Use of Symbols in The Scarlet Letter
In many stories, symbols included by the author add deeper meaning. Nathaniel Hawthorne is one author who mastered the skill of using symbols effectively. The Scarlet Letter is regarded as a "symbolic masterpiece" due to Hawthorne's exceptional use of the scarlet letter, the setting, and Pearl as symbols.
One of the main symbols of the novel is the basis for the title of the novel itself. Hester Prynne's scarlet letter is attached to her dress, and appears "in fine red cloth surrounded with an elaborate embroidery with fantastic flourishes of gold thread" (Hawthorne 60). The letter is said to have "the effect of a spell, taking her out of the ordinary relations with humanity and enclosing her in a sphere by herself" (Hawthorne 61). The letter seems to be the focal point of Hester's figure, and the townspeople obsess about the blazing red sign of her sin for a long time after Hester's ignominy.
Hester's fantastically embellished red letter takes on many meanings as a symbol. The gold thread with which the letter is embroidered symbolizes Hester's mockery of the Puritan way of punishment. A female spectator in the market place remarks, "Why, gossips, what is it but to laugh in the faces of our godly magistrates, and make a pride out of what they ... meant for a punishment?" (Hawthorne 61). The embellishment of the letter physically displays Hester's reaction to her punishment. Her strong will not only accepts the challenge that the Puritan church has laid before her, but she also laughs in mockery at it. The scarlet letter also shows the triviality of the community's system of punishment. Whenever Hester walks outside of her cottage, Pearl is always with her. The presence of Pearl is a much stronger representation of Hester's sin than the letter itself is. Hawthorne states that Man chooses to represent Hester's sin with a cloth letter, but God represents the sin with a human child (91-92). The existence of Pearl compared with the scarlet letter shows idiosyncrasy in the Puritan ways of punishment.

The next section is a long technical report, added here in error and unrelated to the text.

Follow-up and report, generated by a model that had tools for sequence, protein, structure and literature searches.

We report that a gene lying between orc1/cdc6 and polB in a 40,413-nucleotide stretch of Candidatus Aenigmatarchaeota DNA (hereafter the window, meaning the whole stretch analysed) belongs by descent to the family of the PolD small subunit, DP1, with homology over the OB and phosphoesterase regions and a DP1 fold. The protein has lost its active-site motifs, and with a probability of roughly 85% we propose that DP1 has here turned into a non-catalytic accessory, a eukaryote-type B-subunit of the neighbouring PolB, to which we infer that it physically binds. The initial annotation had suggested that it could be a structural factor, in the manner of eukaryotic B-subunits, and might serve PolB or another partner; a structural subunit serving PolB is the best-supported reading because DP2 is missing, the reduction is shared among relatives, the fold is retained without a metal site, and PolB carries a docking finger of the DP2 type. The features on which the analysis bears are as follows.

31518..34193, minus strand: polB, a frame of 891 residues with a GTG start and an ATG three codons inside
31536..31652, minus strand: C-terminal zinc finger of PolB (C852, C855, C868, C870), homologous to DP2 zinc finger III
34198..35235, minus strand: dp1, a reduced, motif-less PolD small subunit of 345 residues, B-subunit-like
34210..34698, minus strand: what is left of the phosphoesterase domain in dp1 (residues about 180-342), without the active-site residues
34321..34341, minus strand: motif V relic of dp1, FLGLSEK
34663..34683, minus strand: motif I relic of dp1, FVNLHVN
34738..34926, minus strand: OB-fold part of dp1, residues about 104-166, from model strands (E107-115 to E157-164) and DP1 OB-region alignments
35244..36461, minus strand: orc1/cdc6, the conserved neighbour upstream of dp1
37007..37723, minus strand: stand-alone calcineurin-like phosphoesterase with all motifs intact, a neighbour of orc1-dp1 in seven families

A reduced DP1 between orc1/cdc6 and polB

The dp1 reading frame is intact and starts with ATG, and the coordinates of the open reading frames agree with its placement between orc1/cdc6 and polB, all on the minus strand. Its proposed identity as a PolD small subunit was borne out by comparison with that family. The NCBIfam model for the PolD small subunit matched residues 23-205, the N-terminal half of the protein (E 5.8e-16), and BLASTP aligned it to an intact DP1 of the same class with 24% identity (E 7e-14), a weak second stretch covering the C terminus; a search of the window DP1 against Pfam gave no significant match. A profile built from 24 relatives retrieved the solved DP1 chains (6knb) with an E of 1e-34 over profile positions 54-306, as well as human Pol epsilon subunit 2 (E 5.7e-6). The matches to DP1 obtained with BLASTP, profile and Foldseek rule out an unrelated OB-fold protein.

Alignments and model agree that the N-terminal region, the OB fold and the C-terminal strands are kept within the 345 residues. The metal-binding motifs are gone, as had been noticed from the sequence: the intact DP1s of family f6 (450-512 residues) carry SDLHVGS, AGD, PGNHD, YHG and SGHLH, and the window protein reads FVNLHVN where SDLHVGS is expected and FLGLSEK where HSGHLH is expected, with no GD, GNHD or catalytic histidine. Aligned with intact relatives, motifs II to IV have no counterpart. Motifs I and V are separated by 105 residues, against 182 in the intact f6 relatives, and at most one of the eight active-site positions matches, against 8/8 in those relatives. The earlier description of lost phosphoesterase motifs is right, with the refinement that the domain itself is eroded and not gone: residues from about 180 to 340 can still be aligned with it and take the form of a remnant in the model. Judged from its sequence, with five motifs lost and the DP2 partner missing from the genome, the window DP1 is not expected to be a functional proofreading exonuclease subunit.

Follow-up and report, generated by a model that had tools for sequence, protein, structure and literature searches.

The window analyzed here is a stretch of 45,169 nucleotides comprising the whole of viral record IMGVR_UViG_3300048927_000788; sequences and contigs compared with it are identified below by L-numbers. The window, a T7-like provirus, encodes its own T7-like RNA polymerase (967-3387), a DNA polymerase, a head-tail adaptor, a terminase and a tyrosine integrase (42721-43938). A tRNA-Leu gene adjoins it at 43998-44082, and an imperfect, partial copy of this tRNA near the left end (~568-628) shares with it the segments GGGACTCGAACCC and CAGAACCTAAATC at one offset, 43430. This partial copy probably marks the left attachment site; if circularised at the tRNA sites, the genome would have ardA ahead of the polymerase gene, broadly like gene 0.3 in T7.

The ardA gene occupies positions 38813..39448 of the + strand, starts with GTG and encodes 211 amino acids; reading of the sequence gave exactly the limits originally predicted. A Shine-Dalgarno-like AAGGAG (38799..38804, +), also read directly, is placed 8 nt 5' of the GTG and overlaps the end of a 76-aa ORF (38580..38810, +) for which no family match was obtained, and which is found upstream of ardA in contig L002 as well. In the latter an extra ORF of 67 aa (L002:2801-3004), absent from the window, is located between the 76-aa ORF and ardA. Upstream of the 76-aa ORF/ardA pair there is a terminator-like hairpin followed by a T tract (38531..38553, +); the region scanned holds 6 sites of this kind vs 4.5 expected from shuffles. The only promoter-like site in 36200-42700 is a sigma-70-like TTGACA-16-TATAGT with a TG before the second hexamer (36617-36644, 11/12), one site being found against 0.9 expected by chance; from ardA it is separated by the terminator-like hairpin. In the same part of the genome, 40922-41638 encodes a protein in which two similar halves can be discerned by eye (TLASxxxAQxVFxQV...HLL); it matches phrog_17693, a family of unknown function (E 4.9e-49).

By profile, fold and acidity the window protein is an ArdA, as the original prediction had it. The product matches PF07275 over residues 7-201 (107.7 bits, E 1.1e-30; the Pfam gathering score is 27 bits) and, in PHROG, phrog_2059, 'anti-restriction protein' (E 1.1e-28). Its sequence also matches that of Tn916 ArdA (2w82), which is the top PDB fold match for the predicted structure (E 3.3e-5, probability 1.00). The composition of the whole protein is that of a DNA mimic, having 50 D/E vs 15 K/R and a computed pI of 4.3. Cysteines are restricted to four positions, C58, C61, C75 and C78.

Aside from the letter, Hester's surroundings also bear symbolic meaning. One of the first elements of setting that the reader encounters is the rosebush directly outside of the prison door. Hawthorne uses the bush as a contrast point to his bleak, dark description of the prison:
But on one side of the portal, and rooted almost at the threshold, was a wild rosebush, covered, in this month of June, with its delicate gems, which might be imagined to offer their fragrance and beauty to the prisoner as he came forth to his doom, in token that the deep heart of Nature could pity and be kind to him. (56)
Hawthorne actually suggests possible symbolic interpretations of the rosebush in this passage. The roses, or "delicate gems" of the bush, symbolize a faint glimmer of hope to the prisoner entering the...